What is Weighted Average Market Capitalization?

Weighted Average Market Capitalization refers to a stock market index in which larger companies (i.e. with higher market capitalization) have more influence on the index's performance.

How Does Weighted Average Market Capitalization Work?

Various stock market indices follow selected companies based on their niche (e.g. industrials, technologies, small caps, etc.). These indices track according to the companies in the index. For example, if the stock prices of the companies in the index go up, the index will go up. Most indices weight the average performance of the companies in their index by the market capitalization of each company. This way, larger companies, usually measured as those with higher market capitalizations (i.e. price per share X outstanding shares), have more influence over the index. The S&P 500, for example, uses a weighted average market capitalization to measure performance.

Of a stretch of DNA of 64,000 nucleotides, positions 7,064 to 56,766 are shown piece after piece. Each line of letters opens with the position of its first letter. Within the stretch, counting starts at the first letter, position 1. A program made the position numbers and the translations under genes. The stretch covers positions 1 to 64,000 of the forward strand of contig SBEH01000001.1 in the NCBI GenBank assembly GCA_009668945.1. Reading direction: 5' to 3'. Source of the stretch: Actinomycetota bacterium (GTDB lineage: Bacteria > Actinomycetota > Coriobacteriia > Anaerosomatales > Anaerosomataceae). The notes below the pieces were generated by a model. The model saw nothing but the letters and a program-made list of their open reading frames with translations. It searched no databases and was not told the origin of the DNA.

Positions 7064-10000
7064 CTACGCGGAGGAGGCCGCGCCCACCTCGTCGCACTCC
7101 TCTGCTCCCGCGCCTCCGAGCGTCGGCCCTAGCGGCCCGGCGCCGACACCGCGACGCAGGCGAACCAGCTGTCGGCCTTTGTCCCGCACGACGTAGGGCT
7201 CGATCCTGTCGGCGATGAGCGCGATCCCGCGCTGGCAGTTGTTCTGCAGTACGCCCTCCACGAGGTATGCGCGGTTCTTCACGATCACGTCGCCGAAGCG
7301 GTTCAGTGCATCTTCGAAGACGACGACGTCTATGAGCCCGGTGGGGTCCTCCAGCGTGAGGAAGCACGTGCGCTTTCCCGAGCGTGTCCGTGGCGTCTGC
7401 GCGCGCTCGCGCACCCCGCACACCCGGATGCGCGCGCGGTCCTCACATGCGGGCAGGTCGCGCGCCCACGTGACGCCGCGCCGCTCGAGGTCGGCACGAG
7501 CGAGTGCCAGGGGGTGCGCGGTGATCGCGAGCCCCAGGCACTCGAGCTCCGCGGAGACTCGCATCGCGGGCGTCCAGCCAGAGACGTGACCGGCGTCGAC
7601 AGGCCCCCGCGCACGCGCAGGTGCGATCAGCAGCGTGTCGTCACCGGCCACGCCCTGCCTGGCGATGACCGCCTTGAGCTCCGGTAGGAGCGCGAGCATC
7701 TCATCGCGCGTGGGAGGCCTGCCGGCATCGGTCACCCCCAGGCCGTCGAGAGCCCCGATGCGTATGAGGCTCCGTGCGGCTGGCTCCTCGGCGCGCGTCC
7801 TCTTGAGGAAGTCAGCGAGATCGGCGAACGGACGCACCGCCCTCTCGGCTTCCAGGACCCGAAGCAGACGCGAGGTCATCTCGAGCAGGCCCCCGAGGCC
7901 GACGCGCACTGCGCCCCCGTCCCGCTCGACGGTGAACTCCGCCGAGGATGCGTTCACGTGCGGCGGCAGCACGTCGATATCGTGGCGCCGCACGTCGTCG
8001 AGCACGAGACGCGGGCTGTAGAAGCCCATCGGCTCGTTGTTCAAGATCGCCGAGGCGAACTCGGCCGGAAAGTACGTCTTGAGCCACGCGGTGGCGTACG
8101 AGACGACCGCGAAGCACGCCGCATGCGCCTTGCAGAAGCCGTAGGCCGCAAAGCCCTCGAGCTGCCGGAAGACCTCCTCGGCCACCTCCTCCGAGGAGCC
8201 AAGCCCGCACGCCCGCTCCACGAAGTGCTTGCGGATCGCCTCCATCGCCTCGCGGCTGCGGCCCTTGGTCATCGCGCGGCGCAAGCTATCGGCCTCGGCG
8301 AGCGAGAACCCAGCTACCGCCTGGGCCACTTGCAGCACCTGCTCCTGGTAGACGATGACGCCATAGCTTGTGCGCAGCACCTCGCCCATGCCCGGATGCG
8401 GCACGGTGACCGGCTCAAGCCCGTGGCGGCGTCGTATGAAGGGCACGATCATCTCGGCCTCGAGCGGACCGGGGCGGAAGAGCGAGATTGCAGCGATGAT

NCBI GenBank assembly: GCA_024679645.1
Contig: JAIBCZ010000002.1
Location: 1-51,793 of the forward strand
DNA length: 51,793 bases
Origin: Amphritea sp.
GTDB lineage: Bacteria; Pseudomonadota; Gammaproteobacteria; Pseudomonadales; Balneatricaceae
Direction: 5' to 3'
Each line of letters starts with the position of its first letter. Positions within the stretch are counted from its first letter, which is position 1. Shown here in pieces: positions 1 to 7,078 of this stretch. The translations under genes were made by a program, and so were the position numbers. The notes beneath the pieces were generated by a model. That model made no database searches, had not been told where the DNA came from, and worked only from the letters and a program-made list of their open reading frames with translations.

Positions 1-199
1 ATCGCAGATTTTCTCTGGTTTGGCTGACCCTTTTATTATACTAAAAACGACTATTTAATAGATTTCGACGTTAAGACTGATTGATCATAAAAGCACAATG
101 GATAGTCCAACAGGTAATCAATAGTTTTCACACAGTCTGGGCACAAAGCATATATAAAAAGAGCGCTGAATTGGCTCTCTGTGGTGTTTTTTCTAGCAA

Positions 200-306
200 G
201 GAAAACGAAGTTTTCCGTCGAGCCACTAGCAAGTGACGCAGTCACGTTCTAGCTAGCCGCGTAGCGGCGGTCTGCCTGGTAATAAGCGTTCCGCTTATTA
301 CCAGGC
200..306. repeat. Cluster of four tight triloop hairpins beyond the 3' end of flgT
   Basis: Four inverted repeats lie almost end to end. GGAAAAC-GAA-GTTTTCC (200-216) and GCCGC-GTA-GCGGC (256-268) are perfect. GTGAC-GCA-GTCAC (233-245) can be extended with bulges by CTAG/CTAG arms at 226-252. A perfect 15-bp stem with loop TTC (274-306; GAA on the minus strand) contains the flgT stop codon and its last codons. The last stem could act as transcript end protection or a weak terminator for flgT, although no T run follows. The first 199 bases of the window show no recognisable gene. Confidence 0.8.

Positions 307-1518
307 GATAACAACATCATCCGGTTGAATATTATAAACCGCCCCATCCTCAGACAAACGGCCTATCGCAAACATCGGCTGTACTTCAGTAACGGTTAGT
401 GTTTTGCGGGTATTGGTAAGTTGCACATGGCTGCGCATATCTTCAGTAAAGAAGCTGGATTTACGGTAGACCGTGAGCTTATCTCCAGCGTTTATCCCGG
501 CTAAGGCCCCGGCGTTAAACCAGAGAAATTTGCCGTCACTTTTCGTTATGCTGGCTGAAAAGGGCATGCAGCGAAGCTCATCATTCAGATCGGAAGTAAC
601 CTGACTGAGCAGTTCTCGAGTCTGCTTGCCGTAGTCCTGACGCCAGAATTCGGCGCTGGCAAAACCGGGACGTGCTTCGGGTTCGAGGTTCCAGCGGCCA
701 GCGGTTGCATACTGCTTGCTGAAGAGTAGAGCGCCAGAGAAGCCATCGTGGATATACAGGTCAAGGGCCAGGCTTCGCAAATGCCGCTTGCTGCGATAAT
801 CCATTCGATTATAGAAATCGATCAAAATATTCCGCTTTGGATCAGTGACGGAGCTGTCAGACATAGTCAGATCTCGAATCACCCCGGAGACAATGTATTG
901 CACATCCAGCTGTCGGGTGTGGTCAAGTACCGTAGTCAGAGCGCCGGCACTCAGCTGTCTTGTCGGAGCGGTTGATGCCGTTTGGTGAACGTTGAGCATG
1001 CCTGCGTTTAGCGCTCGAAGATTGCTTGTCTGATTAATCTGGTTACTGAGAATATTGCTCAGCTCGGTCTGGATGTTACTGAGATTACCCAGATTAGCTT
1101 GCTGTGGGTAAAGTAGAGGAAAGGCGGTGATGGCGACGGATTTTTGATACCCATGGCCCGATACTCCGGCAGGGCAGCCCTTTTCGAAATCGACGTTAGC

In contrast, for example, the Dow Jones Industrial Average uses a price-weighted index. That is, irrespective of the size of the company, the share price is used as the weighting the average of all stocks in the index. The higher share prices have more influence over the performance of the index.

Why Does Weighted Average Market Capitalization Matter?

Investors should understand the composition of the stocks in a particular index, especially if it is used to track portfolio performance. Using a market capitalization to weight the stocks in an index, an investor can quickly see which sectors are emphasized by a particular index.

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Paul Tracy

Paul has been a respected figure in the financial markets for more than two decades. Prior to starting InvestingAnswers, Paul founded and managed one of the most influential investment research firms in America, with more than 2 million monthly readers.

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